As a lover of both Scotch and Bourbon, this one sounds like a winner. Can I just look at it like I'm getting two long-aged fine whiskies for the price of one? Say, a Glenfiddich 18 and an Old Pappy Van Winkle? Please say yes.
Looks like a really good way to catch a case of the beetus.
Actually, it's definitely not in Celsius. A burger is rare at around 125-130 F and well done at around 150-155. A burger at or over 200 F would be a carbon hockey puck if it survived that long and didn't disintegrate. Check out this chart: http://reluctantgourmet.com/tips-guides/tips-facts/item/1118-meat-doneness-chart
Wow, the number of drama queens in this comment section is alarmingly high. A silly poll about candy on pizza to coincide with Halloween is an outrage and surely a sign that Slice has jumped the shark. You people need to find hobbies other than trolling food blogs and insulting their (free!) content. For the record, I wouldn't put candy on pizza, either. If I had to choose, however, I'd crumble up some Reece's peanut butter cups and sprinkle them on. Might not be half bad.
Burger King's "Zesty" sauce (aka the sauce they give you with onion rings) is really good. While I ordinarily loathe much of what BK has to offer, an order of their sweet potato fries dipped in Zesty sauce is a wholly satisfying fast food experience.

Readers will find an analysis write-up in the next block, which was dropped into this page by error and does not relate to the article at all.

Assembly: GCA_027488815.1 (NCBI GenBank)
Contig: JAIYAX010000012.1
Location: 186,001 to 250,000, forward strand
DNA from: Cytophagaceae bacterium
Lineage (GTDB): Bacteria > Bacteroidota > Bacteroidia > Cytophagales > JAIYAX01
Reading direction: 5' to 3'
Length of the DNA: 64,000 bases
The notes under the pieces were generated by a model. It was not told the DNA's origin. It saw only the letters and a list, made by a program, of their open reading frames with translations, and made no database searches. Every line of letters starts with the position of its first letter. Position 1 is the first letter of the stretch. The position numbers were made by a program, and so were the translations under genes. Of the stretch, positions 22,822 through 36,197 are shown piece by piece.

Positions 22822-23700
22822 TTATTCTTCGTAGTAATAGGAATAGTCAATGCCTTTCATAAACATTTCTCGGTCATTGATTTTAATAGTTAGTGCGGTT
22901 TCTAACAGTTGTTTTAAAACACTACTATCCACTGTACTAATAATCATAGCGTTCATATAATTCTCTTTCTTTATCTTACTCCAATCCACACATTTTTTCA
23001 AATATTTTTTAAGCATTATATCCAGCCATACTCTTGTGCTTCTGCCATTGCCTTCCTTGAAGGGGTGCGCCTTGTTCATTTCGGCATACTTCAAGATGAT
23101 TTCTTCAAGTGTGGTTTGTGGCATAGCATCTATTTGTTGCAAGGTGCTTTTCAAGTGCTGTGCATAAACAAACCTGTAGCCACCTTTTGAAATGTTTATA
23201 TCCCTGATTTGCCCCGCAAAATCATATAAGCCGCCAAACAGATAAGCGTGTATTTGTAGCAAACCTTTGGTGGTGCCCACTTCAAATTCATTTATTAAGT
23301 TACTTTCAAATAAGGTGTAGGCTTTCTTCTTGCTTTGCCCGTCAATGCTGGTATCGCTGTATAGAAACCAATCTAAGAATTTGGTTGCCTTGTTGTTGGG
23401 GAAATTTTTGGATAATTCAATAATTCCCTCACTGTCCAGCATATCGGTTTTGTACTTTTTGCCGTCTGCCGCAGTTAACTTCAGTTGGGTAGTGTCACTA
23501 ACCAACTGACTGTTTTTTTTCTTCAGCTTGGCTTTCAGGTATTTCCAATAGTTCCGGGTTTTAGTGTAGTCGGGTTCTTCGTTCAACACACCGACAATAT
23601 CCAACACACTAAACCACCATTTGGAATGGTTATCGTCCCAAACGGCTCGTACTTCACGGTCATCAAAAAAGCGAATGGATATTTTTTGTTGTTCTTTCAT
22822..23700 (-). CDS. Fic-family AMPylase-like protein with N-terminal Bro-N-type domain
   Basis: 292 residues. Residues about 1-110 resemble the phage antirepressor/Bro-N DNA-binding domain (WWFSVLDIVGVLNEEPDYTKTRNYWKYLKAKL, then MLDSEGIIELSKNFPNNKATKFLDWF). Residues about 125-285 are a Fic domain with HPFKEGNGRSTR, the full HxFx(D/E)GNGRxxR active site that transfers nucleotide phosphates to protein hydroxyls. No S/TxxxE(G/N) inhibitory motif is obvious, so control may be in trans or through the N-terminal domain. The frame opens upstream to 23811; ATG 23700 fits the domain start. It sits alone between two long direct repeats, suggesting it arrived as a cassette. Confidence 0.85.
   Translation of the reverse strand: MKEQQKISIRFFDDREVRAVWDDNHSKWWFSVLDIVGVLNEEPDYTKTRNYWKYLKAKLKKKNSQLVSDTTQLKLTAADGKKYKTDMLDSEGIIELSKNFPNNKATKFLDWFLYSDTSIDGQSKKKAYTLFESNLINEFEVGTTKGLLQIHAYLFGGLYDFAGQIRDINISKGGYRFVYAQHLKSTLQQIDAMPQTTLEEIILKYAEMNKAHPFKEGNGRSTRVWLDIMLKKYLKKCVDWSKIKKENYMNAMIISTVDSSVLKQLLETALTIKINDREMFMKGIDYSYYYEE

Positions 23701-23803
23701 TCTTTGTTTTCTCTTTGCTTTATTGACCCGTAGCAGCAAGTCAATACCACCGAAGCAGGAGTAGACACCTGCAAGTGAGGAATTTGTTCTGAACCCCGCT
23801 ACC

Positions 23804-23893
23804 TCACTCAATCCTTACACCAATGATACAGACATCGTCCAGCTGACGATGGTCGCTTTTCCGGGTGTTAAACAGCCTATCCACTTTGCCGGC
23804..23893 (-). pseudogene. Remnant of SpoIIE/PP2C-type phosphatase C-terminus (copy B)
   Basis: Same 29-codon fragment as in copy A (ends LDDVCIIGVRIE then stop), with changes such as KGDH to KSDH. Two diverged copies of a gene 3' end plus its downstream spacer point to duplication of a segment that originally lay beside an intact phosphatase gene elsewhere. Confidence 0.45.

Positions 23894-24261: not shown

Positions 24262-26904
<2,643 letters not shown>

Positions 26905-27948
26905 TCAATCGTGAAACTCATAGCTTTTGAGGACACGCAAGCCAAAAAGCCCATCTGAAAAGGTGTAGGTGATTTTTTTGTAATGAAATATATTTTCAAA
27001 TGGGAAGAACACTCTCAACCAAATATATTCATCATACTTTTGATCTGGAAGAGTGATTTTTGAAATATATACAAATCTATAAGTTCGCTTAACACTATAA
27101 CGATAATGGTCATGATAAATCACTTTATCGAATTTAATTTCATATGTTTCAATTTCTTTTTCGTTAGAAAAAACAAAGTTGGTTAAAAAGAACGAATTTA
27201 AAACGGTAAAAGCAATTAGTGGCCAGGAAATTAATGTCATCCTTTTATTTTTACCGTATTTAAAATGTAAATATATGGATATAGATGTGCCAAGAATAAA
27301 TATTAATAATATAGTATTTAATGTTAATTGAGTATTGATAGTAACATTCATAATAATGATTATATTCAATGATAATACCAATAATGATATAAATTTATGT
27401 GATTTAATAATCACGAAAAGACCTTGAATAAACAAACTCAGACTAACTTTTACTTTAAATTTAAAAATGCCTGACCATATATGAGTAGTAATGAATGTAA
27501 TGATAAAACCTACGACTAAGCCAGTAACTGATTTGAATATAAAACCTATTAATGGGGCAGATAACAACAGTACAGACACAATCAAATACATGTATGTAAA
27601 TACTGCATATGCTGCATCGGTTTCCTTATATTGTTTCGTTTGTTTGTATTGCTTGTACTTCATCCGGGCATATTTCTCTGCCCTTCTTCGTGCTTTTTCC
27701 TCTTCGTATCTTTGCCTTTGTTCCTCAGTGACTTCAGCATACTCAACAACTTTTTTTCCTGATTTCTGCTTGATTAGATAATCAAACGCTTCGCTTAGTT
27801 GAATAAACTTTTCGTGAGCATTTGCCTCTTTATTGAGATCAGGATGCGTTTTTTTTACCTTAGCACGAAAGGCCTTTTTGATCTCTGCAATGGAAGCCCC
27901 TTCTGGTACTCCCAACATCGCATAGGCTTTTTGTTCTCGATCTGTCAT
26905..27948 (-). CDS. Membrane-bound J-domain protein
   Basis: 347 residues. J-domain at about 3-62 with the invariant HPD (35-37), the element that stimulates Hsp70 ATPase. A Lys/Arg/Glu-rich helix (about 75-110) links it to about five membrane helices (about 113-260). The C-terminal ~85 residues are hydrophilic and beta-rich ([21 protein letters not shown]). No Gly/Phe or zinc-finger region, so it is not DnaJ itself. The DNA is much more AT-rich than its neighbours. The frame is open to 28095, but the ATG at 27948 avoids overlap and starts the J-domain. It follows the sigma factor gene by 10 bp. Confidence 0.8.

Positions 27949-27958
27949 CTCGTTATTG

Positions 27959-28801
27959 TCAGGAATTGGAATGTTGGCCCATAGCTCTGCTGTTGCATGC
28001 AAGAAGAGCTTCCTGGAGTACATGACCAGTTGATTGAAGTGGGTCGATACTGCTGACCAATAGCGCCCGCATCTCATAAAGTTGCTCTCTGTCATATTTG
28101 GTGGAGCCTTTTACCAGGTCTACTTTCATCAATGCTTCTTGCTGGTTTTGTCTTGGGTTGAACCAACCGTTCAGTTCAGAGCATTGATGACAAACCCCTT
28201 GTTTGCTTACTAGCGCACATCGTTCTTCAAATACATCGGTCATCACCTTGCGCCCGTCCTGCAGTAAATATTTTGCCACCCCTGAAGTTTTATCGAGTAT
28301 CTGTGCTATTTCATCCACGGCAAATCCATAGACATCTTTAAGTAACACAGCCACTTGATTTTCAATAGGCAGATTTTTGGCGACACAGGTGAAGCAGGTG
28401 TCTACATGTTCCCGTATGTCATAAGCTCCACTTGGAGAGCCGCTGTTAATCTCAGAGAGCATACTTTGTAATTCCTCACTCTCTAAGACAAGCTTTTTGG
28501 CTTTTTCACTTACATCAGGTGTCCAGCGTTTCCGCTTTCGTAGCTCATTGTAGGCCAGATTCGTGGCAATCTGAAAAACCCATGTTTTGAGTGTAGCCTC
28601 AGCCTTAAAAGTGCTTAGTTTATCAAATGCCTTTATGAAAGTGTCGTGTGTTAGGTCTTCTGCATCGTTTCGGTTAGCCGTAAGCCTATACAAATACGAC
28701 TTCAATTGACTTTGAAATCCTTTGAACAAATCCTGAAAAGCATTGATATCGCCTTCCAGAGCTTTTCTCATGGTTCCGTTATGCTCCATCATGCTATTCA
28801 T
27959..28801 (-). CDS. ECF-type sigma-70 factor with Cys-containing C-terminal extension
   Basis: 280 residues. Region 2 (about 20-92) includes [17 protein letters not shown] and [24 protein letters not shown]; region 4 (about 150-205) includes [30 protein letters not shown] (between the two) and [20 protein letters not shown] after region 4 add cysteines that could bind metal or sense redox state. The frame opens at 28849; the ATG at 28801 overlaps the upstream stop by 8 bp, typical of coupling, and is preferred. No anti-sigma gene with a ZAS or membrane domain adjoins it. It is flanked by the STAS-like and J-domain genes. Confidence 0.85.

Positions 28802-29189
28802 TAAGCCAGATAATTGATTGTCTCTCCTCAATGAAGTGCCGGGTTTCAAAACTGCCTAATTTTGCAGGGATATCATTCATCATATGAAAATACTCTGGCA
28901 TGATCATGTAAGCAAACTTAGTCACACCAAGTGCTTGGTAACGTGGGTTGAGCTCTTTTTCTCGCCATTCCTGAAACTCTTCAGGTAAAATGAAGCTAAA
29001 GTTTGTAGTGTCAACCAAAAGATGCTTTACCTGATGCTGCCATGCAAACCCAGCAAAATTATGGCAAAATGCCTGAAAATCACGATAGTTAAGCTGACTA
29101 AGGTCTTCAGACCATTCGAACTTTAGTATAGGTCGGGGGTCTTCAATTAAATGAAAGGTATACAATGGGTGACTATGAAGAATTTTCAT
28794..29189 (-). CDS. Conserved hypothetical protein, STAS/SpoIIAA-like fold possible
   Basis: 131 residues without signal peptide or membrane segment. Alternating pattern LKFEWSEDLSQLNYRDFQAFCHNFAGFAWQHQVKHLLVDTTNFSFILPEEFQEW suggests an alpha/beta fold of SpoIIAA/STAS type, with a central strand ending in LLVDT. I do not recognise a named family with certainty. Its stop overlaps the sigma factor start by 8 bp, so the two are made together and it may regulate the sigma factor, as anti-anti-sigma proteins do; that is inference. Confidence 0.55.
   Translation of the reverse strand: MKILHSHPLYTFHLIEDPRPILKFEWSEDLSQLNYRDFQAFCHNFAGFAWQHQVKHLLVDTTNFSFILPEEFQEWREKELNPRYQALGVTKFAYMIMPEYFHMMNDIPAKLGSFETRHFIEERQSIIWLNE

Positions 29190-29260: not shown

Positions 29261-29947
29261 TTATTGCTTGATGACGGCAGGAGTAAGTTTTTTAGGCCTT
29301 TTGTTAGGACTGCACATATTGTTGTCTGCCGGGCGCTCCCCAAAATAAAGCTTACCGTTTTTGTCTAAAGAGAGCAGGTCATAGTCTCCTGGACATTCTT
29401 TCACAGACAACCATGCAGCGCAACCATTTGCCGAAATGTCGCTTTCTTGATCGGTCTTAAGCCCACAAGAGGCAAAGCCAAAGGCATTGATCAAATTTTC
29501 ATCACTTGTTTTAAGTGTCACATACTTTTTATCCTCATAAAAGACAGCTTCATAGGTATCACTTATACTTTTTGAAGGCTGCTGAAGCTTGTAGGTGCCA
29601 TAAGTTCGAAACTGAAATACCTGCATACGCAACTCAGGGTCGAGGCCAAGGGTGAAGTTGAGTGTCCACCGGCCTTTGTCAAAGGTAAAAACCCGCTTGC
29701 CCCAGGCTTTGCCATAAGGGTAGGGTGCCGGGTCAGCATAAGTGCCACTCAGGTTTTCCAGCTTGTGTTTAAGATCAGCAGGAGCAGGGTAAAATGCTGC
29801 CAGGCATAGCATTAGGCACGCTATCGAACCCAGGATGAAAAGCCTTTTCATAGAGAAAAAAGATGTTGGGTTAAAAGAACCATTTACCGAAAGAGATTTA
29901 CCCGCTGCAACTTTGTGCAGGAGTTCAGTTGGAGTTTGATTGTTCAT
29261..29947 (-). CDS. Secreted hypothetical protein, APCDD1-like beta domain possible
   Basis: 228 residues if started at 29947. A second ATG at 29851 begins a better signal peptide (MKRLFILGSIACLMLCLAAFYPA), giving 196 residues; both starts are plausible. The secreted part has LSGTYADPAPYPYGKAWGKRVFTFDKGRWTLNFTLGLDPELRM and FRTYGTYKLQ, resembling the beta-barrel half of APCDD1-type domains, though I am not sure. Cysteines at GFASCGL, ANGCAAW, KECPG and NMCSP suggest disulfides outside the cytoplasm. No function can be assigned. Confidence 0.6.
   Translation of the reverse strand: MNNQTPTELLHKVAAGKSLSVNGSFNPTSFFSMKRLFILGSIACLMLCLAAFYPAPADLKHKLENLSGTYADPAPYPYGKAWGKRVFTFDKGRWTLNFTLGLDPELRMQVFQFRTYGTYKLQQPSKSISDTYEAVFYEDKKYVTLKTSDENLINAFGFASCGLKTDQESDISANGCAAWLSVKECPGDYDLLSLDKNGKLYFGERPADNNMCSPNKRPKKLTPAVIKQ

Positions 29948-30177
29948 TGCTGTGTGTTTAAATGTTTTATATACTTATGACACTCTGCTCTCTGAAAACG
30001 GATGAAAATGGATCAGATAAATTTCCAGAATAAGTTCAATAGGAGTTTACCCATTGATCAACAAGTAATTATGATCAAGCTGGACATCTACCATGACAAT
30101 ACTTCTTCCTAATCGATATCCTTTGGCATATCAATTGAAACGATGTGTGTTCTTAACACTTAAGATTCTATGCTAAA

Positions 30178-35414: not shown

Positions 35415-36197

" I was glad the egg wasn't served in large chunks, and definitely happy it wasn't a whole fried egg piled on top (everything seems to have a fried egg plopped on top these days)."
Did you watch Top Chef last night?
Wait - is it a duck sandwich or a bacon sandwich...or both? I'm confused.
Thanks for the response (even though I'm super late getting it). I may just have to bring this one to Thanksgiving.
It's definitely not much of a looker...
@arjordan - don't be intimidated by the pricier Scotches. There are plenty of fine, fine examples to be had for under $50 (shit, under $30 if you catch a sale). Yes, some of the longer-aged whiskies will be out of your price range at under $50, but that gives you time to experiment with a few manufacturers, ages, styles, etc. to see what you like. When you find it, skip buying a few cheap bottles and splurge on a really fine example. Savor it in a nice, crystal Scotch glass with a cigar (if you're so inclined). It will be well worth the price of admission and will probably last you a while.